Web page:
I’ve been meaning for some time to write something about Rachel Zolf’s book Masque (Mercury Press 2004), and now she’s come out with another one, Neighbour Procedure (Coach House 2010). The first is a “masked” memoir in the form of verse dialogue. The second deals with the Palestinian-Israeli conflict; it was occasioned by a trip to “Israel-Palestine” and contains “some of the journey’s mad affects.”
Masque is large – 10x8” pages – and the verse is spread out over the pages. It is “spoken” by various characters – The Media Man (who is also The Father, the egomaniacal reporter/TV personality, Benny Z-d); The Daughter; The Philosopher (who is mostly Marshall McLuhan); The Censor (who “redacts” certain words); The Whisper (which says things like “you fucking screaming idiot”), and so on. At first some of the voices occur on separate pages, then in consecutive dialogue. But finally, they mostly are all talking at the same time, by way of interlined stanzas; the names in the right and left margins alert the reader to the first line of the character’s speech, but the parts are written in alternating lines. Sometimes there are just a few short lines crouching in the upper left-hand corner of the page; sometimes there is one column of text that is left-justified, one that is right-justified, and one coming down the center. There are even drawings and extended etymologies. I’m not going to try to reproduce this method on Blogger. Suffice it to say that Zolf depicts a very complex set of relationships within and beyond a family in a few (colloquial) words. Much of the material is taken from Canadian Broadcasting Corporation footage, as well as newspapers which her father – who just happens to be a Media Man, too – wrote for.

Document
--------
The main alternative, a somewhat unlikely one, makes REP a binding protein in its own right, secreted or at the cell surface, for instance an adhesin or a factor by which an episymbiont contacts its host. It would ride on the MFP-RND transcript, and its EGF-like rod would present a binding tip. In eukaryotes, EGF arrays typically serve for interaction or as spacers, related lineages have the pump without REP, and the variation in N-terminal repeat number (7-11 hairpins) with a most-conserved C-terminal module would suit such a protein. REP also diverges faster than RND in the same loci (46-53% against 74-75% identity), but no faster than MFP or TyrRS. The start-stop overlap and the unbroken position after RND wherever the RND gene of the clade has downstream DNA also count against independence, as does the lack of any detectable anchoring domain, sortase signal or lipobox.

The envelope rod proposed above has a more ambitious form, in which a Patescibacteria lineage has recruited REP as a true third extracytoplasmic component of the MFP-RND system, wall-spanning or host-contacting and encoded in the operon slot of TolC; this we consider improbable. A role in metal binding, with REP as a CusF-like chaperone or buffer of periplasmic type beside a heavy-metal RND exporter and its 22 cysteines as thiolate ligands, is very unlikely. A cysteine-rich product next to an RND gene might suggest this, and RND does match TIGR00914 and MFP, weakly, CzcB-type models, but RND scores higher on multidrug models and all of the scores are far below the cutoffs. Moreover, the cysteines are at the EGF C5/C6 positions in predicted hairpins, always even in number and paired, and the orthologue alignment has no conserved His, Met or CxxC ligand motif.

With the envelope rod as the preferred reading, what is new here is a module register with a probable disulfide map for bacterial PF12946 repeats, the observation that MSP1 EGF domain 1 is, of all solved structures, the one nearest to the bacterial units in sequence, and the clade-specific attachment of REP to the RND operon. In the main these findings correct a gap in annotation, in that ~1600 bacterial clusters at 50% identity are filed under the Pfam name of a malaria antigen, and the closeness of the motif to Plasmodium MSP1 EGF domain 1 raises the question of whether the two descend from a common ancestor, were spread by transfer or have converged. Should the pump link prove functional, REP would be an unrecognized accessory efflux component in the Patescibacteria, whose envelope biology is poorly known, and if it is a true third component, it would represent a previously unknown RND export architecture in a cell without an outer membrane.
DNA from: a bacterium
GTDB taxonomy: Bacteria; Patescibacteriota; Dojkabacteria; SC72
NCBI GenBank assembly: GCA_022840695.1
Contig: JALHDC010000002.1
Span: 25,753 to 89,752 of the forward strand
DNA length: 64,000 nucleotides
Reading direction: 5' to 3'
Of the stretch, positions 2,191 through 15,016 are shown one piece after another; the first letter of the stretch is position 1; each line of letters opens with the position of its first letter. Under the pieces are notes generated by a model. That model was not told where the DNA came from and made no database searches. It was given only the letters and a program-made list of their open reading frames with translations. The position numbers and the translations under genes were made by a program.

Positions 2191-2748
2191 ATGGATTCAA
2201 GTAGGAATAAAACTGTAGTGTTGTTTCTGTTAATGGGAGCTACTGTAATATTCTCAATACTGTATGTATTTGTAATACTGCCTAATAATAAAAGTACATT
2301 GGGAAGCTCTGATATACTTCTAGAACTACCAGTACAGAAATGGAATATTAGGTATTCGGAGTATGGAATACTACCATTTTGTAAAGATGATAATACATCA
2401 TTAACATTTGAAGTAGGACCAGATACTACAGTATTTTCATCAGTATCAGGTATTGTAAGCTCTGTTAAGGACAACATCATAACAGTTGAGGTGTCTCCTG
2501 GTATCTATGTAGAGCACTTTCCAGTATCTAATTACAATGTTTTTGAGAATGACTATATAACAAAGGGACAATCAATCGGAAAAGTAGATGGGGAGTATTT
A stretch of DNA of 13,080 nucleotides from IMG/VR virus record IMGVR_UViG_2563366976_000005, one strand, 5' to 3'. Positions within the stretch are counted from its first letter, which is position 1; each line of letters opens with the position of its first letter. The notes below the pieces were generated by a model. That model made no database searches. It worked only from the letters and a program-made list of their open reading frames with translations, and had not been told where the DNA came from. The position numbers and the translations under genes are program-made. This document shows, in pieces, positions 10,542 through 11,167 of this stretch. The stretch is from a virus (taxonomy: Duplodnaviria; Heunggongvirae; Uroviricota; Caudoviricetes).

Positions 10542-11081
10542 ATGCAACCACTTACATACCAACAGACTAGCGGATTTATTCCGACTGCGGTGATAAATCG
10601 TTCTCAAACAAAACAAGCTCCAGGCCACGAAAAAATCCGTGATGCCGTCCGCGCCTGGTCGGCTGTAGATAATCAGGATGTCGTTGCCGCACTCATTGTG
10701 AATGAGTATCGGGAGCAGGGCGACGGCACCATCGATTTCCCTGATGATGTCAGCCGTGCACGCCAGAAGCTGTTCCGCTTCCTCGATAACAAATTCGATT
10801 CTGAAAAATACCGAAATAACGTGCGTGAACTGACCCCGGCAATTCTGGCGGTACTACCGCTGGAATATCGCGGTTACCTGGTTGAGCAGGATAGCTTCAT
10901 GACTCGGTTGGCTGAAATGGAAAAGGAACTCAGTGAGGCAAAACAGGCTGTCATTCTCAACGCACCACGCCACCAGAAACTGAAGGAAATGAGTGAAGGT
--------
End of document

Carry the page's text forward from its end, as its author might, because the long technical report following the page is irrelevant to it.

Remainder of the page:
Neighbour Procedure is rather different. The title refers to the practice by the Israeli army of using residents of Palestinian neighborhoods as de facto human shields. Again, much of the material comes from “found” sources: newscasts, web sites, commercials, the Qur’an, Judith Butler, etc. The first section reminds me of the ghazal form – that is, the juxtaposing of lines of verse that do not follow one from the other, but which have a lot to do with each other. (In this respect, it reminds me of Susan Tichy’s Gallowglass, except that there it is the American-Iraqui conflict that is the source). Other poems are lists of numbers and names, or a mosaic of the words “car [mule, belt, bike] bomb” with musical notations added. The middle section is composed of white-out poems from Ibn Barun’s 11th c. “Book of Comparisons” of Arabic and Hebrew words, as a method of glossing the Torah (mixed in with the poet-speaker’s own stutterings). The rest are various mash-ups and docupoems – one section is composed of “word maps.” And the notes at the end are well worth reading.
One soldier danced into the shop, 'Nice, nice'
Whose faces were painted certain images don't appear
Cutting in random lines the machine touched my scalp
Can you be gentle I'm not an expert open your mouth
A group of children stones his weapon on my shoulder
Intolerable eruption patting his chest, 'Now I'll tell you my name'
Sometimes staccato sometimes continuous
The soldier left the barbershop with the scissors
The soldier left the hair on my lips
25 February 2017 - *The first two stages, though good and purifying, end when we die. *A friend asks how--at our age--to deal with losses. My mother Martha refused to grieve ...
19 hours ago